Homemade Shea Butter Soap

Reader Contribution by RenÉE Benoit

Everybody has to make ugly soap once in a while and this was my time. My first three soap projects were pretty much glitch-free with no big surprises. Even so this is not a complete disaster. Sometimes soap turns out ugly and that’s OK because my family can still use it. It will be very good and work very well. After a couple uses the rough look that makes it not good for gifts or to sell will have dissolved away and it will look like “normal” soap. Nice and smooth. Mom used to say, “Beauty is as beauty does.”

This was my fourth soap project. In hindsight I think that my oil mixture was too warm when I added it to the lye water. It set up extremely fast – within a couple minutes – and was too thick to easily pour into the mold. It came to trace so fast I kept blending it too long.  I should have stopped. I just didn’t believe it would be ready so fast. As a result, I had to use a stainless-steel spoon to scoop it into the mold and then smooth out the top with the straight edge of a stainless-steel knife. This resulted in a very textured, not-smooth soap.

So… if I’ve learned anything it’s Respect The Trace! If it looks ready, it’s ready! Also if you think you need to leave the mixture on the stove over the double boiler to keep it melted, don’t. Take it off the heat and set it aside.

Shea Butter Soap


  • 227 g (8 oz) distilled water
  • 101 g (3.55 oz) sodium hydroxide (lye)
  • 595 g (21 oz) olive oil
  • 128 g (4.5 oz) shea butter
  • 71 g (2.5 oz) castor oil


  • Long sleeve shirt
  • Face and/or eye protectors (a weed wacker mask is awesome because you can wear glasses with it)
  • Rubber gloves (regular dish washing gloves work fine)
  • Immersion blender (you can blend by hand and there’s more control over splashing but it takes longer)
  • Stainless steel pot (I use a 3 qt with high sides and a pour spout)
  • Silicone molds enough to make 12 – 1” x 2” x3” bars
  • Wax paper
  • Tea towel or light cloth
  • 2 Measuring cups (plastic is fine)
  • Candy thermometer
  • Digital scale (important: I wouldn’t try making soap without it. In the old days of guess-and-gosh sometimes soap would have too much lye in it and was very hard on skin!)

Using the digital scale measure out your distilled water and pour it into your high sided stainless-steel pot. I use gram measurement because I think it is most accurate. Using inaccurate measuring tools to measure the ingredients can put you at risk for having not enough or too much lye in the soap. (By the way, if you have too much lye in your soap you can grate it and use it for laundry detergent.)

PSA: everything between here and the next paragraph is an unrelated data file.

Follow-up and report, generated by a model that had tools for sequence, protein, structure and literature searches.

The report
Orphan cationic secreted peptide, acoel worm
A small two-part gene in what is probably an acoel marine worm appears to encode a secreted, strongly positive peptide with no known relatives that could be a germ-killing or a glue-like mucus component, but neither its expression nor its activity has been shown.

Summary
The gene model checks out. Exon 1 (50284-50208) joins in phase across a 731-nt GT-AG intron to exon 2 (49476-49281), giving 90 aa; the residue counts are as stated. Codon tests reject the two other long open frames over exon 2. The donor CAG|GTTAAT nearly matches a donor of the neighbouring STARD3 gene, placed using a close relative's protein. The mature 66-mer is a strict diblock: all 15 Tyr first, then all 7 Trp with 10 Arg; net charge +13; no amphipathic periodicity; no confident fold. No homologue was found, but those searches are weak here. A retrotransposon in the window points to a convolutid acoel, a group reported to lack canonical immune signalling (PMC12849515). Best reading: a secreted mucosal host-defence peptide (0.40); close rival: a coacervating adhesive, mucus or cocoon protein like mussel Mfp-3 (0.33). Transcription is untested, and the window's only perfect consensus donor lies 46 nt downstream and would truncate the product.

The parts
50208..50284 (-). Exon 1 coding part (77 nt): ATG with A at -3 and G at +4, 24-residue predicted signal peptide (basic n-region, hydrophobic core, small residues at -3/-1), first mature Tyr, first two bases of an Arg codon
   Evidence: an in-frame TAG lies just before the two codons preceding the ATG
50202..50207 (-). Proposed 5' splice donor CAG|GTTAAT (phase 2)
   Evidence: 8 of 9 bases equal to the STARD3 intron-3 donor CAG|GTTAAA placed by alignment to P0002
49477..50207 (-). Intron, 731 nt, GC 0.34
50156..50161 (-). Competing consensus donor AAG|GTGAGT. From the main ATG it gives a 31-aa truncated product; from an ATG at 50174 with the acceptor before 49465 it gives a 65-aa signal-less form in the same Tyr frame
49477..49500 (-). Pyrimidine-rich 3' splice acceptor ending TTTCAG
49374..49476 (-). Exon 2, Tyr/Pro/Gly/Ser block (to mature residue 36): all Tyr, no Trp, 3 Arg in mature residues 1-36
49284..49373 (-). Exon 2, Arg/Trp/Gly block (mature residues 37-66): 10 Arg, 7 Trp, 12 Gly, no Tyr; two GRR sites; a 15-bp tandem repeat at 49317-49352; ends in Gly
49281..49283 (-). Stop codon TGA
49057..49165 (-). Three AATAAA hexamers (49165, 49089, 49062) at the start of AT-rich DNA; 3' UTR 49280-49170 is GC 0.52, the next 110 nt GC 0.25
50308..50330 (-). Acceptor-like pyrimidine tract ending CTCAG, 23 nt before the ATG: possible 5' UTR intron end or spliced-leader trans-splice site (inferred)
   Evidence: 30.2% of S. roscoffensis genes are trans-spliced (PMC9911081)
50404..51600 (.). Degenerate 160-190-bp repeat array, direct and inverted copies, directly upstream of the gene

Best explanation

Put on your protective gear and, using the same digital scale, measure your lye into the plastic container. I use a dedicated plastic measuring cup for the lye. It just makes it easier to keep the equipment separate from my cooking utensils.

Still wearing your protective gear, stir the lye into the water with a stainless-steel spoon. Be careful not to splash. Just stir quietly. You’ll notice that the lye kind of lightly crystallizes. Just stir and it will break up and dissolve. Then it will heat up. Stick your candy thermometer to touch the liquid and set it aside. It will probably heat up to about 150 degrees. Set it aside some place safe while you get the oil ready.

Melt the shea butter in a double boiler. Add the olive oil and castor oil to the melted shea butter. Set it aside. When the lye water cools down to 100-110 degrees carefully pour the oil mixture into the lye water. Start by stirring with the immersion blender without it being turned on for a little bit then turn the blender on low and mix until the mixture comes to “trace”. The texture look like rippled thin pudding.

Fill your molds filled and let them set for 24 hours.

Put all your soapy equipment in the sink. Don’t wash it now as the equipment is covered with mixture where the chemical transformation is not complete. It’s still “hot”. Wait for 24 hours because then the transformation will be complete. No more lye!

When the soap in the molds has set up sufficiently – in a couple hours – cover it with wax paper and a light towel so it won’t set up too fast and crack. Peek at it and if it looks like it’s cracking move it to a cooler place (not freezing). Check it after 24 hours to see if it’s hardening and coming away from the edges. If it’s not you might have to leave it longer. Up to 3 days. Then you’ll be able to unmold the soap to cure on a coated cooling rack. Curing it for about 6 weeks will make it harder so it will last longer.

If this is the first you are reading this I love making soap because now I know what is in it for sure. I’m not guessing what a long, unpronounceable chemical might be and I know what I’m putting on my body and what is going down the drain. I’m also saving on packaging in the landfill. Always a good thing!

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